Racebending Breaks Down Marvel’s Diversity Problem

I love comics. And I am a lady. Often, this leads to the discussion of female characters in comics, which is a conversation I am fine to have and have even joked about right here on TC. (See: So You’re A Female Character In A Graphic Novel. Now What?)

Twice, I’ve had thoughts about the lack of diversity in, specifically, comic book movie adaptations. Once was when I saw Thor, which takes place in New Mexico but somehow doesn’t have any Latino or Native American characters, and once when I wondered why there was no standalone Black Widow movie (which is being remedied now so hooray!) This morning, I read a really interesting breakdown of the problem on a site called Racebending titled “On Marvel, Mandarin and Marginalization.”

The piece is pinned on the announcement that Ben Kingsley, who famously played Gandhi in the titular film, was cast as the villain The Mandarin for the upcoming Iron Man 3. The Mandarin is a fu-manchu sporting villain born out of the fears of Red China. He’s exactly what he sounds like — Mickey Rooney in Breakfast at Tiffany’s-style. As director Shane Black put it, “The Mandarin is a racist caricature.”

The author of the piece, Marissa Lee, explains it, better than I could, here:

Kingsley’s casting has made some waves; he is a British actor of partial South Asian descent while the Mandarin was originally of Chinese descent in the comics. It’s complicated by the fact that the Chinese government is virtually co-financing and co-producing Iron 3 through DMG film group; China likely had a say in the depiction of The Mandarin in Iron Man 3. [A stamp of approval from the Chinese government doesn’t mean much given Asian Americans who live in the United States as a minority group are arguably more strongly affected by sinophobia and stereotypes than the people of China or the Chinese government. (eg. Han Chinese people living in China have access to unlimited representation of themselves in their domestic entertainment industries; Asian Americans do not.)]

This Kingsley casting news becomes a jumping off point for a perhaps more relevant question: What’s up with the lack of diversity in Marvel comics films?

Racebending.com

Another thing of note: Marvel has no upcoming films where the main character is a woman or person of color, even though there are plenty of comics to use as source materials. As Lee rightfully points out, Ant Man and Rocket Raccoon are prioritized over Luke Cage and Blank Panther. How does that shake out?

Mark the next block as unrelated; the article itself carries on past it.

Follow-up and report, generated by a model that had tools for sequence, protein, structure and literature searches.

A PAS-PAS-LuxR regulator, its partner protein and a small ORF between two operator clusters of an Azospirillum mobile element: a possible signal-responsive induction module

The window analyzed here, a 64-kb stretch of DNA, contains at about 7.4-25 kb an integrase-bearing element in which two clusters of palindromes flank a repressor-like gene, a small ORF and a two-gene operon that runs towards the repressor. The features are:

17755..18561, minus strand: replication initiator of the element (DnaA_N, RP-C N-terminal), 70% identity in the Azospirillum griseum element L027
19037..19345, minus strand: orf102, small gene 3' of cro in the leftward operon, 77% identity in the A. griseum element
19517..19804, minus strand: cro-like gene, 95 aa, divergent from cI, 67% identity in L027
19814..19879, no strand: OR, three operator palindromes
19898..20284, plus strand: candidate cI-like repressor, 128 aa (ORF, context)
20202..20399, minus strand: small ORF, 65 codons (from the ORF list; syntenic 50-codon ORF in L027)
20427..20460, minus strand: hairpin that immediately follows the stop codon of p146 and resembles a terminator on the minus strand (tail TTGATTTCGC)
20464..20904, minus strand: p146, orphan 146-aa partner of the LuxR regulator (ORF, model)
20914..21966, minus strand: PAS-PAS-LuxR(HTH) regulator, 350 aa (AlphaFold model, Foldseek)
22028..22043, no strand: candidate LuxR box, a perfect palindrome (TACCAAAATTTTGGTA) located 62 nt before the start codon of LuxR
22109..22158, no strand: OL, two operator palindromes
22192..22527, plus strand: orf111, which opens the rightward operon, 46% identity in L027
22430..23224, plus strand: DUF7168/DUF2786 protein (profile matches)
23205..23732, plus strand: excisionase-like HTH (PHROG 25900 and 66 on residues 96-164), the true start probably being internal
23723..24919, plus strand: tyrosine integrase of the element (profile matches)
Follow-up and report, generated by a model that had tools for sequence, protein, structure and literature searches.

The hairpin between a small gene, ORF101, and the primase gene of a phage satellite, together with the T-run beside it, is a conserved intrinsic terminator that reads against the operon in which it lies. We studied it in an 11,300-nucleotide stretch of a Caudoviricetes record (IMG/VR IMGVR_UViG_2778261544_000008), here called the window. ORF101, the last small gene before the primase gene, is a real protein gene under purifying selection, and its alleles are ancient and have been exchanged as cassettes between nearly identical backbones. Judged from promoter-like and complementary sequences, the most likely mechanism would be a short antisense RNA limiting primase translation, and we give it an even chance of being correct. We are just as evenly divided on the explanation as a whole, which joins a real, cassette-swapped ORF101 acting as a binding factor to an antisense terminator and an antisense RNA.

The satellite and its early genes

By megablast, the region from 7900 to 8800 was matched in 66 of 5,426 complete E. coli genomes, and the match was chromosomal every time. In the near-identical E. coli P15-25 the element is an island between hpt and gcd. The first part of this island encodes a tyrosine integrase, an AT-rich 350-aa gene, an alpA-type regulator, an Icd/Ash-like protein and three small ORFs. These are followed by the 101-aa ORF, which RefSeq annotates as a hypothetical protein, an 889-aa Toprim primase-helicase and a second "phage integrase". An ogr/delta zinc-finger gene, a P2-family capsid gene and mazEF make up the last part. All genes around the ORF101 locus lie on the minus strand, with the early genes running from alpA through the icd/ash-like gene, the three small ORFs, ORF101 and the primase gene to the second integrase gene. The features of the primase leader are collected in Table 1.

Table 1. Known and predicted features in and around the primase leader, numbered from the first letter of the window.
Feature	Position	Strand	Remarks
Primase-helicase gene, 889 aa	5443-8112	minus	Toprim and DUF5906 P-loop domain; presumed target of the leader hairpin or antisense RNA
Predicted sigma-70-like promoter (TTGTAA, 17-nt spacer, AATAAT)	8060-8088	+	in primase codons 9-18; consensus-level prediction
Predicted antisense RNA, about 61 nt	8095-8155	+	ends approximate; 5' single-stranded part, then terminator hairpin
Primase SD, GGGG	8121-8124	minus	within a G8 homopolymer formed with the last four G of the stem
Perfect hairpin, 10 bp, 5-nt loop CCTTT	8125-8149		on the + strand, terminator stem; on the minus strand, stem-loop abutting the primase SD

Racebending

I love Marvel. I think their work is great. I also think it’s only fair to consider that when these comics came out, white male superhero leads were the status quo. The movies remain faithful to the comics. Fair enough. But the comics have way more women and people of color than the films do. Fans must have noticed that. The most obvious switcheroo is, as Lee points out, the use of the new Agent Phil Coulson (who ruled, but anyway) over the usual Agent Jimmy Woo in The Avengers. And of course there’s Nick Fury, Heimdell, Warhammer and Falcon (which Lee also acknowledges).

What about Mantis, an Asian female superhero? What about casting a Latina as Maria Hill, a role that went to Cobie Smulders? Where was James Rhodes during the attack on New York City? These are all questions Lee asks in the piece that I found incredibly valid. She ends by saying:

I’m not advocating for forced quotas, but I also think that the “source material” defense is bogus. Marvel clearly has no qualms adapting the source material during film development, including in Avengers team composition. I just wish my dollar was worth the same amount in representation from Marvel as those of my straight white male friends. The excuses are tired and outdated. It’s possible to be a True Believer and advocate for more diversity at the same time. Marvel is a studio that tells amazingly creative stories. I know Marvel can do better.

Read the whole piece here.

I thought it was a really interesting take on diversity in comics. Clearly, there are some missed opportunities here. I’ve certainly felt, as a female comics fan, that women are not represented in the Marvel films as much as they could be. It’s important to show a diverse world that reflects our own with heroes from all races, ethnicities and genders. At the very least, Lee’s article made me think about a universe that I love so much, and about how much merchandising and the majority male audience influences what comics make it as movie adaptations.

My next thought was: Remember the way women rallied around Bridesmaids in an effort to prove that female audiences will come out and support female-helmed movies? And that hopefully opened the door for more women to make and star in more awesome stuff because there’s a proven market for it? It’s a cycle. Maybe we (women, female comic books fans, and everyone) need to do that again, send the same message to Marvel — this time, for the Black Widow prequel. TC Mark